Saturday, June 30, 2012

A Fleeting Victory (2012)

First of the Up Till Dawn Films: 2-Minute Crappy Film Series!

2-Minute Crappy Film Series

Burning Empire Media is proud to announce the Up Till Dawn Films: 2-Minute Crappy Film Series! A brand new style of remix film art that is sure to please. We all know the feeling when two minutes into a film we already ask ourselves, "What am I doing here? Why is this happening? I need to leave this place right now."

Up Till Dawn's 2-Minute Crappy Film Series takes care of this problem. We take a crappy film and make it two minutes. A two minute exciting thrill ride of adventure, disaster, and surrealism. All 2-Minute Crappy Films will initially be announced and released here on the Up Till Dawn Films blog. We don't just talk trash about crappy films, we make them too.

Our first film, A Fleeting Victory, is a remix tale of the classic War of the Robots. The film is essentially a bunch of people dressed up like Steve Zissou and fighting robots with lightsabers.  All while urging the viewer to jump off a bridge. We broke it down, spruced it up, had The Night Will Steal You redo the score, and chopped a more satisfying conclusion. In a truly irresponsible, zero-budget, for-profit, film house fashion we will release A Fleeting Victory today, tomorrow, or the next day.

Check back soon for the Up Till Dawn Films: 2-Minute Crappy Film Series! Look for the series on DVD in 2013! And buy Burning Empire Media Presents: on DVD now!

Saturday, June 23, 2012

Abraham Lincoln vs. Zombies (2012)

Allow me to be your Redbox Warrior on this one. This film has enabled me to attain a deeper understanding of a particular vein of cinema. I imagine that even the below-average minded audience understands what type of film Abraham and the Zombies promises to deliver. These opportunistic straight-to-video releases have been labeled "mockbusters." The current climate of "mockbusters" shows that providing the release a genre tends to exonerate their appeal. When I learned of The Asylums format I found something commendable and Cormanesque about their purpose and business model. The question remains, "Why do their films have to be so crappy though." If you're in the business of quick opportunity can $150,000 not be put to better use? Costume design rarely flags in my mind while watching a film. They usually wash over me. Even the lowest of low-budget historical adaptations can be excused for a collar lacking 1800s consistency. I simply do not understand why the costume budget was not spent at a thrift store in this instance. Everything is crispity clean and definitely made within the last decade. It does not resonate. Everyone looks like five year old dressed up in their grandfather's fatigues. I would imagine there are thousands of people in the world that would have helped make this movie better, and I bet some would have even worked free of charge. Watching this film made me wonder if The Asylum pays someone to be a cinematographer or if they feel a high definition camera is enough. The light that beams of a crisp white collar screams 2012 B movie but the problem could have prevented and some money could have been spared as well. The fact is these Alien Origin style perfectly timed straight-to-Redbox features have a charm that is instantly diffused by pressing play. Learning more about the companies efforts to spread religious propaganda does not help their case much either. However, is this just another opportunistic mockery? I cannot answer that question. I can however tell you that this movies, among every other Asylum film I've glimpsed at, is complete and total shit. There is now a clear distinction between a charming low-budget indie film and a low-budget marketing strategy in which the production company pisses on the audience. Even more strange is that the fact that the owners are executives from Village Roadshow. Not my favorite but why taint the resume? Rock that business model to the grave, but a little more TLC would have inspired another dollar from me when Disposables 3 releases. I can't wait to see Abraham Lincoln: Vampire Hunter now. I feel that a good studio should come around and now steal the "mockbuster" market from this company. I guarantee that for half the budget I could make a much more satisfying well-timed-opportunistic variation of any movie that will release in the near future. It comes out in less than a month, but give me eighty grand and we'll have The Black Bat Ascends in Redbox by the end of the month.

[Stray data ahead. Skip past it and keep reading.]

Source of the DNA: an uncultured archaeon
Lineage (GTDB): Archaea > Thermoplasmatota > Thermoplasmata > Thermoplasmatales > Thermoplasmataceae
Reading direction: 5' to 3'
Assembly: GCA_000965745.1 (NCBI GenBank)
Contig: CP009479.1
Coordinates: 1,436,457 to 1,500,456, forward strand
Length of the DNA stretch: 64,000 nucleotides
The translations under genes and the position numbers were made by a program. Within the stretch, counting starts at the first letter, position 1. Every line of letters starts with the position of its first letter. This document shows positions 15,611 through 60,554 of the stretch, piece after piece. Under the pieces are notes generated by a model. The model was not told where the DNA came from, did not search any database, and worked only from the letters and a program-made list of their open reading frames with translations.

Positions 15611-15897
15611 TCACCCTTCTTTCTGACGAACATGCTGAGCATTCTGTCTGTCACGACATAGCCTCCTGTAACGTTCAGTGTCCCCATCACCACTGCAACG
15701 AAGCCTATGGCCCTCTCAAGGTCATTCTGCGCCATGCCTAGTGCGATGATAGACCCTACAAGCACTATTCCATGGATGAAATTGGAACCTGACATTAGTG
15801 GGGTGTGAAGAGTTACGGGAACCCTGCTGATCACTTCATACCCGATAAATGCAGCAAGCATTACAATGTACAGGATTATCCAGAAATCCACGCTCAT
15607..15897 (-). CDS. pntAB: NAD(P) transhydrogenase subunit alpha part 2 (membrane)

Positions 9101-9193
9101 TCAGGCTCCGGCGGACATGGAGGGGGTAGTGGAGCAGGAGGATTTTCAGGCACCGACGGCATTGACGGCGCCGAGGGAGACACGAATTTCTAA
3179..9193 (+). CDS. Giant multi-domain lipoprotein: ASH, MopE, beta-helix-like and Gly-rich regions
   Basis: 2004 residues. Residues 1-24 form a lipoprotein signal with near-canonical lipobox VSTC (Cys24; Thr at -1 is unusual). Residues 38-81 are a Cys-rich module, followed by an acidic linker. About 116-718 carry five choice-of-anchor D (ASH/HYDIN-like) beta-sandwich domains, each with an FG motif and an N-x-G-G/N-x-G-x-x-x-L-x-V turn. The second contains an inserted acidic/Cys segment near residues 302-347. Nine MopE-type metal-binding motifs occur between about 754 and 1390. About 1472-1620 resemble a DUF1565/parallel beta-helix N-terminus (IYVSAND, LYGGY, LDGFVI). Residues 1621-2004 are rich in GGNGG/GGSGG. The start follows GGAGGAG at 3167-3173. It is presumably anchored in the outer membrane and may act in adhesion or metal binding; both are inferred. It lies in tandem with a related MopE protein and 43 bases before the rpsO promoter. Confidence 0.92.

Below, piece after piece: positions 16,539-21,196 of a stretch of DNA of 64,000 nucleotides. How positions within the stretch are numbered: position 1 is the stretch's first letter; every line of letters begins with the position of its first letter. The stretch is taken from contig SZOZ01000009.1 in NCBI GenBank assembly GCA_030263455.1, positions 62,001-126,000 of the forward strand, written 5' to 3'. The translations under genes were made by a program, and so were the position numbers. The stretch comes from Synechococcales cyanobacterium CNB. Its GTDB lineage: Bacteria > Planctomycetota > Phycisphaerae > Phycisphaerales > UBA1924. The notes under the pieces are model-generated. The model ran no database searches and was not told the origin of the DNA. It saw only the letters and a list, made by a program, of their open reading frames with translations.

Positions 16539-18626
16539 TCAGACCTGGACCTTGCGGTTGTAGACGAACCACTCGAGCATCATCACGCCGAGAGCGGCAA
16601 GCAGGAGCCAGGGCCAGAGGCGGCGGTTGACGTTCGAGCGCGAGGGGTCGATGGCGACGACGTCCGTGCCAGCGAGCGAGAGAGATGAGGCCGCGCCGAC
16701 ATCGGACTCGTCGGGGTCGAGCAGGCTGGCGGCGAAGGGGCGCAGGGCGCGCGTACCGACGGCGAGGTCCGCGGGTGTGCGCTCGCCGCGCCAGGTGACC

Most likely a better read.